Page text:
- YouTuber finds GoPro footage of man who drowned in 2017 5 Years Ago
- Netflix’s ’45 rpm’ is as tired as the boomer rock era it tries to honor Today 11:38 AM
- Teen arrested for threatening to ‘slaughter’ abortion clinic on iFunny Today 11:29 AM
- How to stream the LA Galaxy vs. Cruz Azul Leagues Cup semifinal match Today 11:10 AM
- Going broke over the App Store? Here’s how to turn off in-app purchases Today 10:49 AM
- Jill Biden says even if you don’t like Joe Biden, you need to vote for Joe Biden Today 10:43 AM
- Report on ideal thermostat temperature brings out the dad jokes Today 10:28 AM
- Edited videos of Portland protests are telling half-truths Today 10:20 AM
- Netflix debuts upcoming releases section on the Netflix TV app Today 9:29 AM
- Marianne Williams announces plan for a Department of Peace Today 8:53 AM
- PewDiePie marries Marzia—and shares photos of YouTube’s royal wedding Today 8:35 AM
- How to stream Club América vs. Tigres UANL in the Leagues Cup semis Today 8:17 AM
- Deadpool unmasked: Here’s everything you need to know about Marvel’s anti-hero Today 7:53 AM
- Fantasy football 2019: Your team-by-team AFC preview Today 7:45 AM
- Invader Zim is still delightfully weird in ‘Enter the Florpus’ Today 7:00 AM
The original Rickroll video has been deleted from YouTube
Long live Rickroll.
One of the oldest, classic Internet memes has let us down and deserted us.
The original music video for Rick Astley’s “Never Gonna Give You Up,” the basis for the Rickrolling bait-and-switch meme, has been blocked by YouTube in several countries, including the United States. The video was first uploaded by YouTube user cotter548 on May 15, 2007 and was temporarily taken down due to copyright disputes once before, in 2012.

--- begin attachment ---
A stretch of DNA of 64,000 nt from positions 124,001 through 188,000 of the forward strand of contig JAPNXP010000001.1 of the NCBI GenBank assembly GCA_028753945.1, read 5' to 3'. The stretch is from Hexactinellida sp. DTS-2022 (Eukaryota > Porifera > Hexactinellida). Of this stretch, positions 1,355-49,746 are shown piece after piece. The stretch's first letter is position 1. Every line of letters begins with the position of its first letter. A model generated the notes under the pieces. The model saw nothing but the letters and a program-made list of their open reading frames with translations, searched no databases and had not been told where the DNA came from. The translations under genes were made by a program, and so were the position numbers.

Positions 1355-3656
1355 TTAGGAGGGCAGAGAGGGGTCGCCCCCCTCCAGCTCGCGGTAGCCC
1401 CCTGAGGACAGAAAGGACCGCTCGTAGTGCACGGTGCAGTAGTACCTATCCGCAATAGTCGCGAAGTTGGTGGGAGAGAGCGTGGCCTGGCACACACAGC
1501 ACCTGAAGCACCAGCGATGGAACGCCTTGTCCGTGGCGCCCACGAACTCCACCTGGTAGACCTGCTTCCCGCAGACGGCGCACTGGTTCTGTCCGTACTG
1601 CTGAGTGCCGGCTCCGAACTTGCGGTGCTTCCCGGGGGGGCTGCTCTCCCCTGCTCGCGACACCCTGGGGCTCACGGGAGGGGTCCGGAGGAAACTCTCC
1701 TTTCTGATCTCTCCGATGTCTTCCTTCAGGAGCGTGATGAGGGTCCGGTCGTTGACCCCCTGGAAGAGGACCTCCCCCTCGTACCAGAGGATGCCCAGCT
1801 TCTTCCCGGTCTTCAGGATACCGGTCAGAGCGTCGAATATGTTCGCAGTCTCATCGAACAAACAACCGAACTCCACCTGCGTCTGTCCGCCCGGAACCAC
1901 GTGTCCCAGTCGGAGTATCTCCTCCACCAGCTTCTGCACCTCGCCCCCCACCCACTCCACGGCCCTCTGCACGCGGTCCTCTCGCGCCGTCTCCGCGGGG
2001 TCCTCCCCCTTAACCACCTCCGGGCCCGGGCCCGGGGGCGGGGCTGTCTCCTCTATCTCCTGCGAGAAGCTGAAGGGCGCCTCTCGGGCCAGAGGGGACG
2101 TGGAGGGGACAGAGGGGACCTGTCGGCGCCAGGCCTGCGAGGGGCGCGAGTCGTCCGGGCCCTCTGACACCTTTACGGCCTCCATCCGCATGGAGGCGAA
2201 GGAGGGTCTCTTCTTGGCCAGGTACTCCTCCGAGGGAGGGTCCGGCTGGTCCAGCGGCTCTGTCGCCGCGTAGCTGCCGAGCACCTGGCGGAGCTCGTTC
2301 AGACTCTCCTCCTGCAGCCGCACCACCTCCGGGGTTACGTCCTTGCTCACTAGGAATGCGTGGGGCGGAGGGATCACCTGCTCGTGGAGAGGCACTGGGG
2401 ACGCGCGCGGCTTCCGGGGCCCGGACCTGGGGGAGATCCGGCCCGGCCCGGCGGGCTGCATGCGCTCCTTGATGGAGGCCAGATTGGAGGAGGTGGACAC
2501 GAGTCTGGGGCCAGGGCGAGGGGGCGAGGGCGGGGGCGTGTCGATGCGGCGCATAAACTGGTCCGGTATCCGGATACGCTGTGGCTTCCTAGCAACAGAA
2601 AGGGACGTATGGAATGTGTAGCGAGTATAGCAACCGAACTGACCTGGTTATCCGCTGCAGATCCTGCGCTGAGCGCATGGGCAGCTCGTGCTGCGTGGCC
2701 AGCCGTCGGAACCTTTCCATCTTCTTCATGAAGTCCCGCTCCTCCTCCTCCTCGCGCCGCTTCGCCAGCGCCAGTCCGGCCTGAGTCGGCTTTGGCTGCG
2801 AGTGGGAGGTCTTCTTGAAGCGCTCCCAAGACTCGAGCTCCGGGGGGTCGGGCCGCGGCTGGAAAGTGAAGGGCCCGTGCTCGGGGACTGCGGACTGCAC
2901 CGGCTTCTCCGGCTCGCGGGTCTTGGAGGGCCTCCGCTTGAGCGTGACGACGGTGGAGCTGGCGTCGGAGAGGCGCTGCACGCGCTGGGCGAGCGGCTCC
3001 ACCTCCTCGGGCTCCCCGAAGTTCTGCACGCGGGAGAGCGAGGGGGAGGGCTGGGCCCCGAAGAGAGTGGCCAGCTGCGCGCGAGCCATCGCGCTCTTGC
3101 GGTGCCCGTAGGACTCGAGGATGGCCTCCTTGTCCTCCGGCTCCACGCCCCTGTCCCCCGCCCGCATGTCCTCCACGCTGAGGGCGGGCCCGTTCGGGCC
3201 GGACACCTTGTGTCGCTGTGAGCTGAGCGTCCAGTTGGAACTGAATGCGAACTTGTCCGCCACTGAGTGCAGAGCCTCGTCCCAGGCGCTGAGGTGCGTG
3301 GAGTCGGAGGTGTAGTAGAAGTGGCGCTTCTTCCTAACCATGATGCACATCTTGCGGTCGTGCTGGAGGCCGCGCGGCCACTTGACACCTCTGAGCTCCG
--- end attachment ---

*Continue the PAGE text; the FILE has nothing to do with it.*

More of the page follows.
In remembrance of the original video’s takedown, we present you with five memorable Rickrolling moments.
1) Rickrolling at Shea Stadium
During each home game, the New York Mets host an 8th inning “sing along” event. In 2008, fans flooded online ballots with requests for “Never Gonna Give You Up,” effectively Rickrolling a crowd of thousands in a stadium that, like the original video, has also since come down.
2) Rickrolling in London
In 2008, hundreds of pranksters descended upon the busy Liverpool Metro Station in London to perform an a capella version of “Never Gonna Give You Up.”
3) Rickrolling in Washington
In 2009, Nancy Pelosi, then Speaker of the House, uploaded a video titled “Speaker Pelosi Presents Capitol cat Cam” to her official YouTube channel. The video was supposedly a behind-the-scenes look at the many cats roaming around Pelosi’s office, but cuts to “Never Gonna Give You Up” halfway through.
4) Church of Scientology gets Rickrolled
In 2009, large numbers of Anonymous launched Project Chanology, an organized protest against the Church of Scientology. In several cities, including Seattle, New York, and even London, crowds of protesters sang “Never Gonna Give You Up” outside of Scientology churches branches.
5) Rick Astley Rickrolls the Macy’s Thanksgiving Day Parade
A float celebrating the animated program Foster’s Home for Imaginary Friends made its way through Manhattan during the 2008 Macy’s Thanksgiving Day Parade. Suddenly, its antics were interrupted when Rick Astley himself emerged from the float and personally Rickrolled not only the crowd of thousands, but also the millions of viewers watching from home.
The Rickrolling phenomenon never did give up, spawning everything from homages (from talents like comedian Reggie Watts and the entire cast of Mad Men) to actor Paul Rudd’s own brand of “Ruddrolling.” While the original video may be unavailable now, fortunately many copies of it remain on YouTube, both in whole and in part.
So, like it or not, YouTube, the Rickroll is never going to die. After all, we’ve been together for so long.
Mike Fenn is a former contributor to the Daily Dot whose beats included Reddit, YouTube, and all things WTF. His work has also appeared in Forbes and News.com.au.